Yorick Efira, the Artist who Encapsulates Brussels Belgium’s Landscapes and Architecture with Cartons and Paint.
By: Jean-Louis Préjean
Art has taken on many dimensions – the most telling is the medium used to express art. Various materials are being used to create mind-blowing art. In the same way, Belgian artist Yorick Efira uses cardboard, wood and acetate to create stunning replicas of Brussels Belgium iconic landscapes and architecture. His majestic works that are the epitome of creativity are fixed to the wall – like a painting. To get to know more about Yorick Efira and his outstanding artwork, we spent an afternoon at his home studio in Uccle. He was a welcoming and hospitable host and getting to know him and his art was an eye-opening experience.
JLP: Tell us about yourself.
YE: I am a visual artist; a painter and sculptor. I graduated from the Royal Academy of the City of Brussels. I am inspired by my surroundings and I take that as the central theme of my work; like my friends, my family, me, my workshop or my city. Everyday things have so much to offer – all I do is look for what is generally missed.
JLP: Your latest work looks interesting – can you please talk about it?
YE: My latest work is “Notre-Dame du Sablon”. It was a particularly difficult project given the complexity and detail – many statues and it required great attention. I am a perfectionist. This artwork took place at Sostice du Sablon, Rollebeek Street 44, 1000 Brussels. This piece gave me a sense of self gratification – I am happy with the work I’ve done.
JLP:How has your work developed over the years?
YE:I began with painting and it was by chance that I branched to sculpture. Before long, my work became a combo of both, hovering between 2D and 3D. It’s been five years since I made Brussels views my artistic inspiration niche. I love this city and its color – it has so much beauty.
JLP:What are you working on right now?
YE:I usually work on several projects at the same time. On one hand, I have private commissions - this can be people who ask me to do their homes or specific views, customized projects. On the other, I work on my personal production, which happens for this moment to be a search between painting and collage. I am concentrating more in the 2D looking for material effects and light reliefs.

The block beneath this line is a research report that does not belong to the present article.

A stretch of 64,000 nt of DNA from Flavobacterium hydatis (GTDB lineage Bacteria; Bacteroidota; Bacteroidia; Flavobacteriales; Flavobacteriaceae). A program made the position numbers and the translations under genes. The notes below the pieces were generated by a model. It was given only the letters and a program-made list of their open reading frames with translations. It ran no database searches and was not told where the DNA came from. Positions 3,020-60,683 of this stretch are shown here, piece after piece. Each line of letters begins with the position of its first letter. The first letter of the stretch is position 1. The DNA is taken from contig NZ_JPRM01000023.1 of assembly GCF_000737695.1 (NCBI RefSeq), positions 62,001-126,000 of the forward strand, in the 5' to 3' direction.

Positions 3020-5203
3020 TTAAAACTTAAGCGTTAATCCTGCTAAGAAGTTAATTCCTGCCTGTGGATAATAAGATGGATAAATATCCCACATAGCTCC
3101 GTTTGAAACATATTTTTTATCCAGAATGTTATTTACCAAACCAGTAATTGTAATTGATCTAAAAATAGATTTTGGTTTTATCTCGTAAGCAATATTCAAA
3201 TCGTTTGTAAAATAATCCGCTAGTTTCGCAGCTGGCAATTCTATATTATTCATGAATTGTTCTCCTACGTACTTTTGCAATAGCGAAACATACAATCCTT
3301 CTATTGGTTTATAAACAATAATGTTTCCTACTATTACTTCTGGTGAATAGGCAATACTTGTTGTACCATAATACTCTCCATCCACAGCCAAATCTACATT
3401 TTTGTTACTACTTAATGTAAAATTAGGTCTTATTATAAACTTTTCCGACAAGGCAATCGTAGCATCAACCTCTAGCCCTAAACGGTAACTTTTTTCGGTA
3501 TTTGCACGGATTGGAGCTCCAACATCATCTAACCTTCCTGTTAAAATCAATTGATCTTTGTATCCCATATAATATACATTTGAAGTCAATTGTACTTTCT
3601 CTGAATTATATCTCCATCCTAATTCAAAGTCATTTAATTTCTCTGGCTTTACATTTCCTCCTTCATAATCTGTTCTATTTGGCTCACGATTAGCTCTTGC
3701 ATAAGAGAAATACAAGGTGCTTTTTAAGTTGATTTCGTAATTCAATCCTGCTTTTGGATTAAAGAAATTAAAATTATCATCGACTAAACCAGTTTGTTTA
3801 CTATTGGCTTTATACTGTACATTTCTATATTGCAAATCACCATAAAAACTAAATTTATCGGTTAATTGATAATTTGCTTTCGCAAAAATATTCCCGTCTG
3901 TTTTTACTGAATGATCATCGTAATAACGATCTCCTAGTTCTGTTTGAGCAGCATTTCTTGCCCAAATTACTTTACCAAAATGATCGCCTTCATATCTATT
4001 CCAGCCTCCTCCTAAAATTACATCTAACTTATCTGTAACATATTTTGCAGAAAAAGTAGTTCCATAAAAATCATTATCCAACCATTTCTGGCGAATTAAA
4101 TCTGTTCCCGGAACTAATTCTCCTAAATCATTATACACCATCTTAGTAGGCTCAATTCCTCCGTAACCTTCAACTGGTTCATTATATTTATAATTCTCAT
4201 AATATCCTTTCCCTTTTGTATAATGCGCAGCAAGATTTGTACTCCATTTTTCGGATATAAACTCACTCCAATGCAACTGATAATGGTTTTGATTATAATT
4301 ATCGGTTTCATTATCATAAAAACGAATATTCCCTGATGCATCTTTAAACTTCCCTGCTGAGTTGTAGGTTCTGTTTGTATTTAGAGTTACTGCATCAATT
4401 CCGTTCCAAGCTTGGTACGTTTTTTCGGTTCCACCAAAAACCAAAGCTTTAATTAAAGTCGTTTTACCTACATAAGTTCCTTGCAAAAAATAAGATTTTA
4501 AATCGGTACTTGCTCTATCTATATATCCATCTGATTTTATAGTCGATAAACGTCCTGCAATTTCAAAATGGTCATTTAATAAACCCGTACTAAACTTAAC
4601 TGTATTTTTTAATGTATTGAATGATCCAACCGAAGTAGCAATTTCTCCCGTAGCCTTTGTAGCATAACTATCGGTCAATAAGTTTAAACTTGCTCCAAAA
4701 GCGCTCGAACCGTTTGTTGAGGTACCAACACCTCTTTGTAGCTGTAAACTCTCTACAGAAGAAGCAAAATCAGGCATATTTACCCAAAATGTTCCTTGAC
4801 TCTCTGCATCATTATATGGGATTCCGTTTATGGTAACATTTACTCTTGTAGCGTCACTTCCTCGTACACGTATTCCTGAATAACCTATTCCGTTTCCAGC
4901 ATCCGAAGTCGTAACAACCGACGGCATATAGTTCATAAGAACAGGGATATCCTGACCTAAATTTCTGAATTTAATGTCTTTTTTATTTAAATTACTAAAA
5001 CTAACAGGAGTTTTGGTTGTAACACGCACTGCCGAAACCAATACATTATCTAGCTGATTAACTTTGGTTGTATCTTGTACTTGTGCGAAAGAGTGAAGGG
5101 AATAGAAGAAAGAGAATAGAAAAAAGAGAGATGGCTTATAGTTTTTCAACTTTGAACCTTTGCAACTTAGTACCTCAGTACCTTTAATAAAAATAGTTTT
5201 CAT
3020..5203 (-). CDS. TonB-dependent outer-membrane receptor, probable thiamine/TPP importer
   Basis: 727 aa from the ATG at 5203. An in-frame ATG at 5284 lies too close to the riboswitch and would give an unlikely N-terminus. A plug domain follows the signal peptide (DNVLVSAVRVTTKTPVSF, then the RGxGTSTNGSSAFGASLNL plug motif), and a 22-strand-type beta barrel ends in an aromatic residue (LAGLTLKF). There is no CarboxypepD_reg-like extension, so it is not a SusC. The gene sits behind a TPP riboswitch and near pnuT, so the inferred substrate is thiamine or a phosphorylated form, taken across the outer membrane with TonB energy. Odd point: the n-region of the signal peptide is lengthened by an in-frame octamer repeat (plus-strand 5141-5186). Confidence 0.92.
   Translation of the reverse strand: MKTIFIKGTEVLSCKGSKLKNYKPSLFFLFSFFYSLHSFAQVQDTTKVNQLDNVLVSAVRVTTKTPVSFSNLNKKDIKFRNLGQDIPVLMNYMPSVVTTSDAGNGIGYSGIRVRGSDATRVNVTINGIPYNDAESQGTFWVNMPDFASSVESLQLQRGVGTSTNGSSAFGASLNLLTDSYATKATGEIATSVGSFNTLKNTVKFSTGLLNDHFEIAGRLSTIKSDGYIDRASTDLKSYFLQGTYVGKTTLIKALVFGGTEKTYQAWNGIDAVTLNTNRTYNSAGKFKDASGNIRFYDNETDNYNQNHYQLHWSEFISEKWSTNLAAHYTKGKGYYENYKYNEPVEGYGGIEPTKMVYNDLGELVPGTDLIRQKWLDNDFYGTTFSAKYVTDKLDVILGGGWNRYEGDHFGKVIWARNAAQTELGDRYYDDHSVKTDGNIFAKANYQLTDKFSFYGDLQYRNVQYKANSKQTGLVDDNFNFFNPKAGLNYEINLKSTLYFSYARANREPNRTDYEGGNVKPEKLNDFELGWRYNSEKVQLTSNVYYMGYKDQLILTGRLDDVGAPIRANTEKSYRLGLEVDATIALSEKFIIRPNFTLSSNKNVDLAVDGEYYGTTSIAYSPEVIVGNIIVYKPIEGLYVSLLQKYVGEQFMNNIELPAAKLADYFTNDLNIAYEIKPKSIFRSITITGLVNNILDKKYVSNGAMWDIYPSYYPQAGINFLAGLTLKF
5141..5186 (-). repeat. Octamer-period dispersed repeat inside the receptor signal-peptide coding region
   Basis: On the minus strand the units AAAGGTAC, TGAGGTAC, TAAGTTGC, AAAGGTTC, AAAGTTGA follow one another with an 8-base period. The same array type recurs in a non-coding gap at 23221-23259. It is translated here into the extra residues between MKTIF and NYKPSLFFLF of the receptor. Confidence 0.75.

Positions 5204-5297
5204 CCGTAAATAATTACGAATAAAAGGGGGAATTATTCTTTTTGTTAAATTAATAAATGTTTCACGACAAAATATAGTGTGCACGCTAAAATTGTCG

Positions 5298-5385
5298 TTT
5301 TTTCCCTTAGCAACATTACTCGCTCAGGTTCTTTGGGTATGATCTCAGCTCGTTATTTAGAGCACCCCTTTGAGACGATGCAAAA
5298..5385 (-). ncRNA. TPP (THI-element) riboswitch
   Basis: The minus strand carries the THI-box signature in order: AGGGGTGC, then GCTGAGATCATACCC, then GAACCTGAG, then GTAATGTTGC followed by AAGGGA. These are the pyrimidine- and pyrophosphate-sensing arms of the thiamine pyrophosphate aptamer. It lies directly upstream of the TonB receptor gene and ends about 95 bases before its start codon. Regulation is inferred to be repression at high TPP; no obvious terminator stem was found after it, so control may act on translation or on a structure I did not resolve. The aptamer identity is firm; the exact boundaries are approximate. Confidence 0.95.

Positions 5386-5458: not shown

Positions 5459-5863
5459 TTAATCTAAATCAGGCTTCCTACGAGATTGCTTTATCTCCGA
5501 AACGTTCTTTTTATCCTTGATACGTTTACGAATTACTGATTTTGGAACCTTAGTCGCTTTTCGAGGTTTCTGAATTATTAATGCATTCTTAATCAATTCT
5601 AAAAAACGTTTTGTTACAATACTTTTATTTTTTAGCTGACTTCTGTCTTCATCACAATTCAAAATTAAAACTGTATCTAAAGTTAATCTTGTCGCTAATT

JLP:What is the message that your art conveys? What do you hope people to derive from your art?
YE: Rather than a message, I think I convey an experience revolving around familiarity and cherished memories through my art. When people see my work, a painted and carved Brussels, they are brought back to their childhood. I think that my creations touch all generations - it’s unexpected and playful, thus appealing. I think that visual education is essential and powerful - what we see influences our lives. My work tries to reveal the sacred soul of what surrounds us; even a supermarket or an old sofa in the street has a soul to it and that’s reflected in my artworks.
JLP: How would you describe the art scene in Belgium today?
YE: Art in Belgium is much divided – there is no unification. I see that happening extensively - between Flanders and Wallonia, between modern art and contemporary art, between academics and street artist. I do not think it makes us evolve because there’ s a lack of the endeavor of pooling artistic creativity together.
It was great getting to know Yorick Efira, his art and insights. It definitely gave us a new perspective that help us view art as an entity to capture memories and bring people from all walks of life together.
Source Plug RTL
Follow Yorick Efira's work here.